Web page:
How to Clean Hardwood Floors with a Vacuum Cleaner

Everyone knows that hardwood floors are gorgeous, trendy and delicate. That’s what most of us think, anyway. The truth is that hardwood floors are not as delicate as you may think. With proper finishing and maintenance, your beautiful floors can last for a lifetime.

A few simple rules that should be followed in caring for hardwood floors:

  • Take your shoes off
  • Take care of spills and scuffs right away
  • Ditch the classic wet mopping
  • Vacuum, vacuum and then vacuum some more

That’s basically all you need to do to keep your hardwood floors looking amazing for years. The use of a vacuum can be the one step that is overlooked the most. We’ll offer some practical advice on how to properly care for your hardwood floors by using a vacuum.

Hardwood Floors and Vacuuming

Even with light traffic through your home, dirt and fine dust particles can become lodged in the tiny cracks and crevices that are normally found in a hardwood floor. Dry sweeping with a traditional broom or disposable dust wipe is rarely sufficient for cleaning this ground-in dirt. Using a broom on hardwood floors can result in a cloud of dust and pet dander that is filled with potential allergens. Using a good vacuum can be a better way to keep your hardwoods looking their best.

The choice of which vacuum to use on hardwood floors has to be a careful decision. While vacuums are the best way to get your floors really clean, they can also be a quick way to damage and dull your floors. You must have the right vacuum and use it in the proper way.

Vacuums and Beater Bars

Most vacuums will include a beater bar, or bristle brush, in the main cleaning head. This is the brush with staggered bristles that’s usually visible when you turn the vacuum over. It is a great tool for cleaning carpets because its brushing action fluffs up the pile to allow the suction to remove the dirt and pet hair. This is great for carpet but is your hardwood floor’s worst enemy.

The beater bar in a vacuum makes thousands of rotations per minute. This rapid, constant scraping against your floor’s surface can wear down the finish over time. It will leave your floor looking scratched and dull. It will also diminish the durability of your floor.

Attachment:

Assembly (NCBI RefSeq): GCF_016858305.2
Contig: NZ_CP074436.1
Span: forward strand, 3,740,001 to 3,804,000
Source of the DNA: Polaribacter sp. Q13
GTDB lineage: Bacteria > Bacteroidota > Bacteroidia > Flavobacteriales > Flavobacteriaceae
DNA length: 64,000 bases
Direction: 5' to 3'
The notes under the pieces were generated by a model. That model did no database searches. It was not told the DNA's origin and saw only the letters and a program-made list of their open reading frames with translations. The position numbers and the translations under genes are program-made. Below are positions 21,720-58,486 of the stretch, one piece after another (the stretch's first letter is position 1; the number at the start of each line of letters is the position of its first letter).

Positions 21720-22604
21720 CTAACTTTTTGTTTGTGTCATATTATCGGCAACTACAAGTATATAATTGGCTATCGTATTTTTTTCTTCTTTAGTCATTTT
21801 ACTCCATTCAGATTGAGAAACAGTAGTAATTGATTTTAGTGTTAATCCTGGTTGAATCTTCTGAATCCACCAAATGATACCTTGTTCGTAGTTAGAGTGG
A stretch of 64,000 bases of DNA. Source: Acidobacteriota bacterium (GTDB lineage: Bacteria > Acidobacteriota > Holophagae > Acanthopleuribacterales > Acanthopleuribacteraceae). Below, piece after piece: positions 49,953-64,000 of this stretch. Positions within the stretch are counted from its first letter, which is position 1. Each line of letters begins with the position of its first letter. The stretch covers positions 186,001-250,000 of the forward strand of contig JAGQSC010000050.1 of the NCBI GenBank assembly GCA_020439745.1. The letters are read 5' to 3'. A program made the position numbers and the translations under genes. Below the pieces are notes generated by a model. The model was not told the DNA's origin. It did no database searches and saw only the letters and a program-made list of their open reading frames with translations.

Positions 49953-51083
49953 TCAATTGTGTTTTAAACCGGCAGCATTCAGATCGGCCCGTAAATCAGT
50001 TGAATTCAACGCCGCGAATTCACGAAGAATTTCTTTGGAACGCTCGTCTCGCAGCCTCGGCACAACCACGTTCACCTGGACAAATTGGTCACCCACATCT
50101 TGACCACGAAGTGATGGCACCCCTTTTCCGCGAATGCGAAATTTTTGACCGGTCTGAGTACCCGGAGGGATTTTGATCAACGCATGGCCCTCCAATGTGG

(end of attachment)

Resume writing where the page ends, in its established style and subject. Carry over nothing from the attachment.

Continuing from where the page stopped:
The ideal vacuum for hardwoods, therefore, is one that doesn’t have a bristle brush. This doesn’t mean you have to purchase one vacuum for your carpets and one for your hardwoods, however. Check the vacuum’s available settings before purchasing it. Most stick vacuums and canister style vacuums will have specific settings for hardwood flooring, tile or laminate. This setting should disengage the beater bar to prevent damage to the bare floor. You must be careful to switch between modes, however.

Taking Care of Hardwood Floors

Taking proper care of hardwood floors is not so much of a chore as some may think. As with a carpeted floor, there are some things we can do to keep our hardwoods looking great, and there are some things that may not be the best tactic to take to maintain hardwoods.

The Basics

One of the best steps you take to maintain the beauty of your hardwood floors is to take off your shoes upon entering the home. This will prevent wear and scuffing. Use a vacuum to clean but make certain that any beater brush or bristle bar is turned off before use. If you must use a damp mop, make certain you use as little water as possible and preferably dry the floor afterward.

Here are some simple steps you can take to keep your hardwoods looking great:

  • Immediately wipe up any spill that happens.
  • At least once a week, you should vacuum, sweep or clean your floor with a disposable dust cloth. More often than once a week would be better.
  • Use doormats, both interior and exterior, at entrances into your home. These mats will collect dirt and wick away moisture before it can be tracked into your home.
  • Use area rugs in front of heavy use areas, such as in front of kitchen sinks. Rugs should be made of a material that will prevent moisture from becoming trapped between the rug and the floor.
  • Runners and area rugs with slip-resistant backings should be placed in high-traffic areas to cut down on wear and tear to your floors.
  • Keep your pets’ nails trimmed to diminish scratches.
  • Avoid rolling or pushing furniture and appliances across the hardwood.
  • Maintain the humidity level inside you home between 35 percent and 55 percent.

Things to avoid when you have hardwood floors:

  • If possible, avoid using these types of products on your hardwoods: cleaners with an ammonia base, wax based or acrylic finishes, standard detergents not specifically formulated for hardwoods, oil-based polishes and soaps, soaps with abrasives or acidic ingredients such as vinegar.
  • Avoid damp mopping if possible.
  • Standing water should not be allowed to remain on the floor for more than a few minutes. Wipe up spills immediately. If you damp mop, try turning a fan on to blow across the floor to dry it.
  • Don’t walk across the floor with shoes that may scratch or ding the finish, such as spike heels or heels with metal taps.
  • Don’t place furniture on small metal tips or domes; replace with softer rubber tips.
  • Avoid using runner, rugs or mats with rubber, foam or plastic backing as these can trap moisture that may discolor your finish
  • Make certain beater bars are turned off when using vacuums


The more you vacuum your hardwood floor, the cleaner your home will be. Vacuuming will remove the ground in dirt and debris that gets trapped in your floor. The only special feature you need on a vacuum for hardwoods is a way to turn off the beater brush before use. Combine that with powerful suction and your hardwoods should remain beautiful for years to come.

Leave a Comment